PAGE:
**Please circulate widely**
The project is actively recruiting research participants who plan to attend either (or both) upcoming protest events in London, UK:
- BRITAIN NEEDS A PAYRISE demonstration organized by the Trades Union Congress (TUC) on Saturday 18th October 2014. More details can be found here: http://britainneedsapayrise.org/
- FREE EDUCATION: NO FEES. NO CUTS. NO DEBT demonstration organized by the National Campaign Against Fees and Cuts (NCAFC) on Wednesday 19th November 2014. More details: http://anticuts.com/
The expectation is that (a) participants are committed to attending either or both of the above events, (b) they are willing to record their involvement using a personal video camera or other device (smartphone etc.), (c) desire to be interviewed on the footage at a later date, and (d) be willing for the recorded data to be used in further analysis across the course of the Playing with Protest research project.
Any and all attendees are welcome to sign-up. Participants with specific mobility needs are especially encouraged to get in contact. There is no expectation that participants walk or otherwise participate in the ‘official’ routes/route lengths in its entirety.
More details will be given to prospective participants once they have signed-up. To do so, please fill in the contact form on the Participation Sign-up page on the Playing with Protest website. If you have any questions regarding ethics, practicalities, technology use or other such issues, please don’t hesitate to contact me via email at: email@example.com.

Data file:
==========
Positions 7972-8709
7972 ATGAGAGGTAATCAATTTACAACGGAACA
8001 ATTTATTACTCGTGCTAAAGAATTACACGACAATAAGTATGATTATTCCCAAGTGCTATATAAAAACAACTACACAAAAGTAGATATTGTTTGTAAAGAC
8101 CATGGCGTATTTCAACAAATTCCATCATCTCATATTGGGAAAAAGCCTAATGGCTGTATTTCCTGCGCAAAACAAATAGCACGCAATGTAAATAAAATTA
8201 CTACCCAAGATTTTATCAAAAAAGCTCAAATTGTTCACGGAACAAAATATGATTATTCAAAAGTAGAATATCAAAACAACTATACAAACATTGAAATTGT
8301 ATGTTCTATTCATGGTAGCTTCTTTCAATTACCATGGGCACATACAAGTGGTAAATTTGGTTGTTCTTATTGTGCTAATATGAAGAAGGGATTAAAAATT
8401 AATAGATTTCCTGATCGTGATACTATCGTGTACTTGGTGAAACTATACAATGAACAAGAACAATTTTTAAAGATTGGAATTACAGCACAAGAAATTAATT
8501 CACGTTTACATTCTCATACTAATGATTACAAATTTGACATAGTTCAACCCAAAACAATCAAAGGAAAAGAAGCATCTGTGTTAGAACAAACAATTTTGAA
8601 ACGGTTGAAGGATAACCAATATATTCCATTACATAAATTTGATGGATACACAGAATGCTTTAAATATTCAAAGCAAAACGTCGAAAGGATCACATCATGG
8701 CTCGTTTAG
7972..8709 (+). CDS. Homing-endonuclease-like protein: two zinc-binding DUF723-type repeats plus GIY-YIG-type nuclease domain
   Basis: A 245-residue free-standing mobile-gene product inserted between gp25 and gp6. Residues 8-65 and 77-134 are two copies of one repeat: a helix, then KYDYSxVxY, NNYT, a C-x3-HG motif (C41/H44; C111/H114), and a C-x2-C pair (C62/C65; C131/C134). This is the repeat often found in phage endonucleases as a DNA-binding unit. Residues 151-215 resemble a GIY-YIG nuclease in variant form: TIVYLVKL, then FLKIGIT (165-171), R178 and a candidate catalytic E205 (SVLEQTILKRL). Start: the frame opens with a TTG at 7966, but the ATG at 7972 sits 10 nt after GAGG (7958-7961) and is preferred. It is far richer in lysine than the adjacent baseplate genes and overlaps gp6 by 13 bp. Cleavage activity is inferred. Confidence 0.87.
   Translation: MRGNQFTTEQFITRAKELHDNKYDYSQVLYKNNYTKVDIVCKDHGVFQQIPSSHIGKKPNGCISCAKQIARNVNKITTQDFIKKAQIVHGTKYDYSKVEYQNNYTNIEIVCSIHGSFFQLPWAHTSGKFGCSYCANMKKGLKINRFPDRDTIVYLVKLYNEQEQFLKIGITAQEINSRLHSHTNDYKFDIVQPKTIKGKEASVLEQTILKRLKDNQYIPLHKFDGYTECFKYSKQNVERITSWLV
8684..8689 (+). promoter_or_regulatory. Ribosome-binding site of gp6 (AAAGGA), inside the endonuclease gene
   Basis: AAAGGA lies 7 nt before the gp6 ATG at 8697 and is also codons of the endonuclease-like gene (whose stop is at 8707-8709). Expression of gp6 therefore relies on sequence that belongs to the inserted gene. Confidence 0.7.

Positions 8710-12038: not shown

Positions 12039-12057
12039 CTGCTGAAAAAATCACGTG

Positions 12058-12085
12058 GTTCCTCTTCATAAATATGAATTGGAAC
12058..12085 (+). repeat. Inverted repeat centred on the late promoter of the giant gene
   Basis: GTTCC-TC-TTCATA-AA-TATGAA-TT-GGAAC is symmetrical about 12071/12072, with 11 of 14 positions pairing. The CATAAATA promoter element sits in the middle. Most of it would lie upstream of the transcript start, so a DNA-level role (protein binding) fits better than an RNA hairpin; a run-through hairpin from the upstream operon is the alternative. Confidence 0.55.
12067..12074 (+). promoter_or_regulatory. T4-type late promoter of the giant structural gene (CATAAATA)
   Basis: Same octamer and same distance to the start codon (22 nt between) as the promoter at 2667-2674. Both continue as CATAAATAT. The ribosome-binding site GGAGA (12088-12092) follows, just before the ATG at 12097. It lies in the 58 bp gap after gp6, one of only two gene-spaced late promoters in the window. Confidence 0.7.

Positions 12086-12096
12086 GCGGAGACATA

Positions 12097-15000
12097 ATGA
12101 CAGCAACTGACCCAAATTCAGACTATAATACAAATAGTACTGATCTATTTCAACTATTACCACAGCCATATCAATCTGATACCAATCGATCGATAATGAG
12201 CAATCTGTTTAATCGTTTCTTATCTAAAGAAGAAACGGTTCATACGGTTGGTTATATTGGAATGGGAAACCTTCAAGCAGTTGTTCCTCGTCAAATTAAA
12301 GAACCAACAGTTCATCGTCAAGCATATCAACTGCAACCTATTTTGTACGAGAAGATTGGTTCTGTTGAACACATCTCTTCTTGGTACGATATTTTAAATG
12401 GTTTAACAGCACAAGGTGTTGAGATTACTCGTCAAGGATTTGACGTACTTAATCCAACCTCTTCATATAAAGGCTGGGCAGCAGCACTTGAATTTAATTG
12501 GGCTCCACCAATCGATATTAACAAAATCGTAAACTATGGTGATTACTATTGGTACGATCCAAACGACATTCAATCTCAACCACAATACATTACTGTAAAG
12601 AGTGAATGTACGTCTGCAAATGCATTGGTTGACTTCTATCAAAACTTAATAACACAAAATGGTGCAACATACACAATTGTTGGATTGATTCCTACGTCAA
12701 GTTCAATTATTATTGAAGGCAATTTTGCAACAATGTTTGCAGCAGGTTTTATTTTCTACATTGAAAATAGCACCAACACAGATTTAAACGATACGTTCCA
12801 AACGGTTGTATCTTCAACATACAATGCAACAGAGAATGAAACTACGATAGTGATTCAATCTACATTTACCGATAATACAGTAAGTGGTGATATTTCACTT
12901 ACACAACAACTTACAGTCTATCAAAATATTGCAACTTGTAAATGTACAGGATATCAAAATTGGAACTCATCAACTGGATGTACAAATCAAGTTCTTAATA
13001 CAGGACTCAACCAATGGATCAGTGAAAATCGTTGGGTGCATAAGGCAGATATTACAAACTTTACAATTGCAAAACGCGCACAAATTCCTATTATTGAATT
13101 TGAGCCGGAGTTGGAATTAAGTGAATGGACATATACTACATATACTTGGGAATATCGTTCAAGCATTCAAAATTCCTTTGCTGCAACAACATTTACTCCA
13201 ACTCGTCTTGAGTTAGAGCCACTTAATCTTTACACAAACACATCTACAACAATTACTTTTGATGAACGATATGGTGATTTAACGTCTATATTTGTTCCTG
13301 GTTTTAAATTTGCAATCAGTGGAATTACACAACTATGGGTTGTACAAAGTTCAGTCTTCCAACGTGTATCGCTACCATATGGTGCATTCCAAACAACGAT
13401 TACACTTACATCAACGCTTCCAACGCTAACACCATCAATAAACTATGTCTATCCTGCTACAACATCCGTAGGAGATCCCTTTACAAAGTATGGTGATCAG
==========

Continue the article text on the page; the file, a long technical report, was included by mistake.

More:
At London Student. From within:
One increasingly observes a shift to highly choreographed, state-sponsored protest as the only legitimate form of political action on the [UK] street[s]. Simultaneously, the police are becoming ever more determined to make arrests before protests have even occurred, preferring not to deal with finer details such as whether or not the law has been broken. All of this – the data collection, the pre-arrests, the mass arrests, the assaults on activists, the malicious prosecution – is done to actively undermine free assembly and association.
A 10 minute video on the police tactics employed during OWS nearly 2 years ago on the eve of its anniversary (via the sparrow project). The narration grounds the visual evidence of multiple arrests in relation to their apparent arbitrary nature, based on clothing, personal appearances and facial hair. Interesting in light of the mass arrests in Tower Hamlets recently.
It is also worth noting the similarity to the strategies employed by the London Metropolitan Police Force over the last few years. Although I would perhaps break from the videographers’ narrative to suggest that onward movement during such events is not necessarily a bad thing, and can in fact, as the Met well know, create even more problems for the police.
A Comment is Free video over at the Guardian. Aside from taking rhizomatic as his own concept, this is a relatively good introduction by Manuel Castells into the dynamic of protest movements, urban space and what he calls ‘cyberspace’. I’m always a little wary of the latter category hence the scare quotes.
I find it a little odd people like Castells are still trying to make sharp boundaries between urban (‘physical’) and cyber (‘non-physical’) space. The city is full of digital technology – in fact, contemporary cities are positively built on it, so why when it comes to discussing protest movements do we essentialize urban space as being pure, physical, non-digital space? Conversely, why do we see the digital as not having an effect on ‘on the ground’ protest? It patently does.